Sunday, August 02, 2020

A numpty at Grove lock.

2nd August 2020

Wildlife of the day  A Red Kite swooped down and took something, probably tasty, from the canal.

Graham started off at silly-o’clock while I stayed a-bed – I blame the drugs!

As usual, it was a pleasant cruise through Milton Keynes with the added bonus of lovely sunshine. There were a few boats about and it pleased us to see more hire boats out. At Fenny Lock we paired with some newby hirers who were out for an extended weekend on a Wyvern boat – the consolation prize for not being able to take their planned holiday in the USA.

Grandad was at the tiller and quite perplexed by it all. Most of the family stayed inside and were leaving him to it. He ttok the ‘Jannock School of Boating’ short course through Stoke Hammond, Soulbury and Leighton locks and was quite enjoying himself so they decided to continue on to wing below Grove lock before returning to their base. They came from Barry in South Wales and had heard about the hordes that had turned up there this weekend, they were pleased to be away.

When we arrived at Grove lock a ‘numpty’ and his crew were busy tying his sailaway boat to the lock landing so that they could go to the pub. When asked he reasoned Grove Boatyardthat this was the only place available to moor. We pulled across and tied to a moored dumb barge opposite whilst the lock was prepared and Graham pointed out that where he had tied up was reserved for boats to use when locking up or down. They then proceeded top pull his boat back and tie it across the winding hole.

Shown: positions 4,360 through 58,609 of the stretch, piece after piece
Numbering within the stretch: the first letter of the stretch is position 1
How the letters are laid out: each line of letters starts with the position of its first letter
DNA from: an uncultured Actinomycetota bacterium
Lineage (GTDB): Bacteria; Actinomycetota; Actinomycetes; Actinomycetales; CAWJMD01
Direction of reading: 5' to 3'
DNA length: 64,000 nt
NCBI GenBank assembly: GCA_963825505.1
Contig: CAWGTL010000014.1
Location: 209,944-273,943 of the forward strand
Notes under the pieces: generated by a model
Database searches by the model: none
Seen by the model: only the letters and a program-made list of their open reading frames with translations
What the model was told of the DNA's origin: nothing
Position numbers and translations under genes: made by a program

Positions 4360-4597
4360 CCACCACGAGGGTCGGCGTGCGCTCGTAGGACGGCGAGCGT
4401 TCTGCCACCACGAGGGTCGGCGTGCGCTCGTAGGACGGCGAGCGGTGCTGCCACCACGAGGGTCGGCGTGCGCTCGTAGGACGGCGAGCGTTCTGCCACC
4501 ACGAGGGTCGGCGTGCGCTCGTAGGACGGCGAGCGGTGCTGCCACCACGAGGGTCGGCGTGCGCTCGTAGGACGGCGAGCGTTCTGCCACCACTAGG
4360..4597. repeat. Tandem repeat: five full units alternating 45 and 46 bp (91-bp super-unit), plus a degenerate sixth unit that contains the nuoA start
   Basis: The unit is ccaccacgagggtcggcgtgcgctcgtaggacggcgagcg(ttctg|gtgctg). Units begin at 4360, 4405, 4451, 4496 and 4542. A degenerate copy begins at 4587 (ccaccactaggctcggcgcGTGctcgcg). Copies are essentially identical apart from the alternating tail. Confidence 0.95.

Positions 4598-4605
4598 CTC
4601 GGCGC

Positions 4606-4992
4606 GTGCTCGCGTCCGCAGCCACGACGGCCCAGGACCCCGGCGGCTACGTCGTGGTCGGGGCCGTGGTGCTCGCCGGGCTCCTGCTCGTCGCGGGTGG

This was when the hirers arrived and tried to turn their boat there with great difficulty. We awarded them 10/10 for their efforts when they finally made it round.  ‘Numpty’ could not work out what they were doing as he thought they were just going up a side arm. Graham then pointed out that it was an official turning point and that he should not moor across that either. There were about 4 boats moored after the winding hole so moving back was not practical so once were were in the lock Graham told him that he could moor against the dumb barge like we had which would leave both the winding hole and the lock landing available to other boats. As we entered the lock this is what he did.

Brenda took Jannock in through the open single gate and a child in the pub garden shouted “that’s amazing” and both he and his little brother clapped. There was a lovely ripple of laughter around the garden so she took a bow and curtsied to yet more laughter.

We moored for the night ‘out in the sticks’ (under.burst.economies) below Slapton lock and later the ‘numpty’ cruised past and were very pleasant by now. As they returned the other way later, they even slowed down to pass us.

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